The earliest machine audience measurement systems for ratings had already been developed, but Stanton wanted a machine that could do qualitative measurements of audience response during a program. He thought it could be charted using a kymograph, and decided to partner up with Paul Lazarsfeld, who had conducted some “real time response” research in his early academic years in Vienna with people listening to classical music, to build just such a device.
Now, the first thing you should know is, Lazarsfeld’s early experiments with real time response were not well documented.
“There is, for example, no evidence of how many “listening” studies he actually conducted, nor did he publish any findings based on them.”
Levy, Mark R. “The Lazarsfeld-Stanton Program Analyzer: An Historical Note”, Journal of Communication, Vol. 32(4) — Dec 1, 1982.
The device itself was — and still is — based on some underlying assumptions that, as near as I can tell, have never been scientifically proven (though, in fairness, they don’t appear to have been soundly disproven either). The assumptions include, again from Levy’s 1982 article, “first, that measurements of like-dislike could serve as meaningful indicators of the entire range of subjective reactions to the stimulus; second, that judgments of liking-disliking were made more or less constantly throughout exposure; third, that experimental subjected evaluated “parts” of the stimulus, rather than reaching holistic judgments about it; and fourth, that the stimulus itself, and not other factors such as the setting of exposure, was the major influence conditioning the audience experience.”
In other words — sure, fine, whatever. But really, who knows?
Dial tests were big for awhile on Madison Avenue and at the television networks, and then faded for a time in favor of other methods of measurement, occasionally making a resurgence, especially in the field of public opinion research and political polling, where it continues to thrive.
In 2007, dial tests made a big comeback during the presidential election season, in part due to heavy promotion by Frank Luntz, with backup from a couple of professors of communication at Southern Methodist University, Dan Schill and Rita Kirk. They were big proponents of the technique, particularly as a way of boosting ratings. In 2009, they wrote a chapter in a collection entitled Real-Time-Response Measurement in the Social Sciences, in which they tried to put to rest objections to the methodology by saying:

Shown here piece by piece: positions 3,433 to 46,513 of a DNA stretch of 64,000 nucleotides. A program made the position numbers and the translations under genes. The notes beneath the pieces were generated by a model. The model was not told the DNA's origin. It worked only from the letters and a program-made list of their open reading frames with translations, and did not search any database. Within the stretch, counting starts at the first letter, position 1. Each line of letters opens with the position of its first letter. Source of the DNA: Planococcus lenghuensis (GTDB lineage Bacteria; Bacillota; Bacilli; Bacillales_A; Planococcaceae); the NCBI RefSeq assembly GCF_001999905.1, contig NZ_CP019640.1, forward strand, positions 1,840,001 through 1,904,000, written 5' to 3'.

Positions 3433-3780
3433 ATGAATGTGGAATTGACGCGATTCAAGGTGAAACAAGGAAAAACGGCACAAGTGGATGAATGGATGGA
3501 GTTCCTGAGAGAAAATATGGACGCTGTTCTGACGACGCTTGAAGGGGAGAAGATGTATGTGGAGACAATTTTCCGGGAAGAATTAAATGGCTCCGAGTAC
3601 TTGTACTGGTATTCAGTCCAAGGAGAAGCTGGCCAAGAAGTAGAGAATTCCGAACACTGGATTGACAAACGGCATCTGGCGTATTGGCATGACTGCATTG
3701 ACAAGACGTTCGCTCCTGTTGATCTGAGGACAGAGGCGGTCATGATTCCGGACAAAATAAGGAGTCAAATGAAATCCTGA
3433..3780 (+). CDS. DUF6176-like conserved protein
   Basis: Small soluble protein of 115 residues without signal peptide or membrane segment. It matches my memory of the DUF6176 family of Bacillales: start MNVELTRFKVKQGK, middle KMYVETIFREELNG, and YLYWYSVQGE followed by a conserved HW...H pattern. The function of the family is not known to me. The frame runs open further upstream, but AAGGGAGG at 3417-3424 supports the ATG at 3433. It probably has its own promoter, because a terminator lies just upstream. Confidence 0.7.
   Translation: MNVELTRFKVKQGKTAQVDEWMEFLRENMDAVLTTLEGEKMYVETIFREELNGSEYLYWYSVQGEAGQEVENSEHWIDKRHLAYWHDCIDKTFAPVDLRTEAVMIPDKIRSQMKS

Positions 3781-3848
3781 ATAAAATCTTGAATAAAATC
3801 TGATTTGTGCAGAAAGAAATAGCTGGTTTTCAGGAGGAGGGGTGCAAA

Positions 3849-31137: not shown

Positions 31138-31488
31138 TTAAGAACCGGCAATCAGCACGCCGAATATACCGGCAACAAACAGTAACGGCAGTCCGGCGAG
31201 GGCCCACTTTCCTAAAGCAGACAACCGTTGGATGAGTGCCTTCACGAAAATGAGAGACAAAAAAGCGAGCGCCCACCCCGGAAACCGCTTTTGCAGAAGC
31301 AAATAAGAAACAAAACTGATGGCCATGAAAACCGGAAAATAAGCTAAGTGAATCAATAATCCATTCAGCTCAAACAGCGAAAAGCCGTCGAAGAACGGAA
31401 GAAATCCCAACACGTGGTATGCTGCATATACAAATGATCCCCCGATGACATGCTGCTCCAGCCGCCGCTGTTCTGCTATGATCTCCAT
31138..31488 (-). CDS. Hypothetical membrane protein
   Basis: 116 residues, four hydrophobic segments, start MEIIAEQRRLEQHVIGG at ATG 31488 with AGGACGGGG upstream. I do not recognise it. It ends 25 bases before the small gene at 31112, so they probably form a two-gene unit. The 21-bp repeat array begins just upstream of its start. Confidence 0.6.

“One issue that should be put to rest is the notion that RTR is an inherently unsound methodology. . . . Ignoring the large body of research finding strong reliability and validity of the RTR methodology (Baggaley 1987; Biocca et al. 1994; Boyd & Hughes 1992; Fenwick & Rice 1991; Hughes 1992; Hughes & Lennox 1990; Maier et al 2007; Hallonquist & Peatman 1947; Hallonquist & Suchman 1979; Pham et al 1993; Schwerin 1940), these critics mistake the real time response reaction of the dial focus group with a large scale public opinion poll which relies on equal probability random sampling to estimate the attitudes of a larger sample. (Schill & Kirk, 2009, p. 168)”
Mitchell, Gordon R. “Public Opinion, Thinly Sliced and Served Hot”, International Journal of Communication 9(2015), 21–45.
In other words, if you want to be able to predict what a group of people thinks about something, for instance, independent voters in swing counties, dial testing is perhaps not the best tool. It measures, just like it says on the box, real time responses of the dial focus group. The degree to which this group of seven people, or hell, even TWO groups of seven people, are representative of a larger group is severely limited.
For a more extensive inquiry into the validity and reliability of real time response measurement, in the field of music evaluation, this piece is great (JSTOR link, so paywall or institutional login needed) and essentially says, “It depends”.
So, fine — go ahead and use consumer response technology in your Zoom focus groups if you really feel you must. But do not think it’s projectable to larger groups — and do not mistake the twisting of dials on a group Zoom call among strangers, with the way people actually react to bare stimuli out in their communities and on their feeds, or amongst their family, friends, colleagues and peers.
If you made it this far, thank you — your reward is that I can tell you why I silently scream when someone worries about groupthink in qualitative research. Worrying about groupthink tells me that you don’t really know what groupthink is, and that you don’t really know how focus groups work. It might also tell you why dial testing causes me to sigh.
But probably my greatest source of outrage was simply that Axios wrote an article about a technology that can’t be projected onto large populations being used to solve a problem that probably didn’t exist, among 14 people in Zoom-based focus groups about a nineteen day old “Biden era”.
What are we even doing any more, I ask you.